BWW Interview: Chad-Alan Carr And Lindsay Bretz-Morgan of HEDWIG AND THE ANGRY INCH at HMAC Stage On Herr
If you're looking for something to do this Memorial Day weekend, check out Hedwig and the Angry Inch. This rock musical tells a story written by John Cameron Mitchell through the lyrics and music of Stephen Trask. Originally performed off-Broadway, the story touches on a wide range of themes and emotions to engage and challenge the audience. Hedwig and the Angry Inch comes to Harrisburg this Memorial Day weekend. Put together a live band, amazing acting, and breath-taking vocals, and this will be a show you do not want to miss. This production, at HMAC Stage on Herr stars Chad-Alan Carr as Hedwig and Lindsay Bretz-Morgan as Yitzhak.
BWW: Tell us a little about yourself and your role in Hedwig and the Angry Inch
Chad-Alan Carr: I am a musical theatre geek as a career, and I am currently reprising the title role in Hedwig And The Angry Inch. It is by far the hardest role I have ever played in my career.
Lindsay Bretz-Morgan: Well, my name is Lindsay Bretz-Morgan, and I'm playing Yitzhak in the show. I've been doing theatre since I was 8 years old, went on to study it in college, and it's still a huge part of my life. The first time I saw Hedwig I was in college and Anthony Rapp was performing the title role in Pittsburgh. I immediately fell in love with the show and hoped to do it someday. I met Chad doing Rocky Horror at HMAC 5 years ago, and we both agreed that we needed to do the show together. The rest is history.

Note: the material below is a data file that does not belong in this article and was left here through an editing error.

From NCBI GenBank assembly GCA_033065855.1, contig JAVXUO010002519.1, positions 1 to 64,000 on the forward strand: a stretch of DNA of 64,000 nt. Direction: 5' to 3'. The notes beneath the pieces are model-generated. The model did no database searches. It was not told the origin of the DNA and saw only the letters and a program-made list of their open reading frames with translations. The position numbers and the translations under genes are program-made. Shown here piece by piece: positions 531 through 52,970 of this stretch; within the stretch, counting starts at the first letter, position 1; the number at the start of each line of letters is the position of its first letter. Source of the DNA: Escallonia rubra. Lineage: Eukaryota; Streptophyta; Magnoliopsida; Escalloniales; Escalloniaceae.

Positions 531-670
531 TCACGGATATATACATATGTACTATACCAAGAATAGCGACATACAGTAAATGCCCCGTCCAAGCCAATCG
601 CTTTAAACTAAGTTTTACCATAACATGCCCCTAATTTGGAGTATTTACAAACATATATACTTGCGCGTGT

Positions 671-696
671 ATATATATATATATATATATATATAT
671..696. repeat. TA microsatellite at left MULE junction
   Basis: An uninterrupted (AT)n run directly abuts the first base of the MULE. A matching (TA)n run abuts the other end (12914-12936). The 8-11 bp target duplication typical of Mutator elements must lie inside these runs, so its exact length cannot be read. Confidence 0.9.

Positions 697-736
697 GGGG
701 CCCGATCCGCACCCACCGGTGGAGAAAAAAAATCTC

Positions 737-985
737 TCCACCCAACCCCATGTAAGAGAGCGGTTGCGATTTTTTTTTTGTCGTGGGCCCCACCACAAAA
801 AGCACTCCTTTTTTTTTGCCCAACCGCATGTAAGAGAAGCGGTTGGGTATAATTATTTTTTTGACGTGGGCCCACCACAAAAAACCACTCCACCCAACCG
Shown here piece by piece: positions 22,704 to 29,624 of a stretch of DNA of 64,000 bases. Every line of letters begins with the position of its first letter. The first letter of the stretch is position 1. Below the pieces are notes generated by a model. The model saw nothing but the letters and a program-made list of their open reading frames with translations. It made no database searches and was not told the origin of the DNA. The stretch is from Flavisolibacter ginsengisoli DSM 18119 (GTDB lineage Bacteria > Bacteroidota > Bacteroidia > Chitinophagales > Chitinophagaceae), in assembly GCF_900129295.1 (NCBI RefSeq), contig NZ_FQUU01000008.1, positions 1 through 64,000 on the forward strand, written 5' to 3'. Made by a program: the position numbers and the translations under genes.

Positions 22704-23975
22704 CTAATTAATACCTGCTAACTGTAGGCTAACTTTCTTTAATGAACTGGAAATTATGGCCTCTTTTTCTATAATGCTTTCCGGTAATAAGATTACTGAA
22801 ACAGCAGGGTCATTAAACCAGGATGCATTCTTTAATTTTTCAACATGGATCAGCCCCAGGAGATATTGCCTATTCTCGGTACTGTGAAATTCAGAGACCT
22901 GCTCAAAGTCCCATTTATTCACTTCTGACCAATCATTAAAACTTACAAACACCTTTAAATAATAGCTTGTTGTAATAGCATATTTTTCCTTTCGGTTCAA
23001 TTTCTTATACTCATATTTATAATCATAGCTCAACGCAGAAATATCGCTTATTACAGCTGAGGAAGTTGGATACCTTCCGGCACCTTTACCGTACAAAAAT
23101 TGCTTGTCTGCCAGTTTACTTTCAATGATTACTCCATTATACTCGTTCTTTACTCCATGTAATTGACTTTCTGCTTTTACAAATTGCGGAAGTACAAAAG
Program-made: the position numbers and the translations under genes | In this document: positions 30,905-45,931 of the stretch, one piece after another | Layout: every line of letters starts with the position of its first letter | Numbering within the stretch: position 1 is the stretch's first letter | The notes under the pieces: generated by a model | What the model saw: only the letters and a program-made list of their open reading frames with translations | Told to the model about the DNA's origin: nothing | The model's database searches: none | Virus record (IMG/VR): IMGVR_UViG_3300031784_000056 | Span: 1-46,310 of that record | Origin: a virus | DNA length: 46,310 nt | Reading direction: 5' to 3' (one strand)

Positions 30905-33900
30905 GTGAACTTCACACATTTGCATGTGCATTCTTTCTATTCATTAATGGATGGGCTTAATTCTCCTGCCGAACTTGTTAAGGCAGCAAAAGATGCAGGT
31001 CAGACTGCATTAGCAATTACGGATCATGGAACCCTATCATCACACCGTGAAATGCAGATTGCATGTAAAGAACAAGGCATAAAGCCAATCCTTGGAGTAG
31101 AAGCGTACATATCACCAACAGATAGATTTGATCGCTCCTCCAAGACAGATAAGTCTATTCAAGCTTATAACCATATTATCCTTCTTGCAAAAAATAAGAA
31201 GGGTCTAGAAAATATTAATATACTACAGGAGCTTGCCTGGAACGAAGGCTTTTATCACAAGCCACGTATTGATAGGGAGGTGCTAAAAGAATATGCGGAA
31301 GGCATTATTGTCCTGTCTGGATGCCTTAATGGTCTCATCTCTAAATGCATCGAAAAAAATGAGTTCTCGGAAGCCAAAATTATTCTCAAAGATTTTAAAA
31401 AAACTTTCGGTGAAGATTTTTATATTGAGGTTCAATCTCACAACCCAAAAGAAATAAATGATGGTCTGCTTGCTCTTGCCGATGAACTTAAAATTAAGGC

BWW: I understand that you both performed in this show in 2014. How has your experience of your character changed between then and now?
Chad-Alan Carr: OMG well, I am definitely older and not near as pretty as I used to be LOL. Re-learning all the monologues in the show has definitely been harder this time around. The music came back to me quickly, but the lines are tough because it is so much for one actor. Lindsay is amazing on back-up vocals and helps me out a lot when I get lost in the moment and forget where I am.
Lindsay Bretz-Morgan: I feel like, in my own life, these past four years have been the most challenging, emotionally, that I've ever experienced and that is definitely coming through into my character. I fell the hardest in love and also felt the most heartbreak imaginable. I thought I truly found my other half of which Hedwig talks about, and then came to find that I still hadn't found it. Just like our characters, there's always room to grow, and these life experiences have definitely helped me bring more to the role of Yitzhak.
BWW: Tell us a little about the role of identity in the story.
Chad-Alan Carr: I think that we as humans are always struggling with identity actually. Who are we? Who are we supposed to be? Who do others want us to be or how do they prefer we behave or speak or dress or vote or whatever? The story of Hedwig expresses a lot of that. It's finding oneself yes, but also finding our other half...our person...to make us whole...or finding that we aren't meant to be...whole.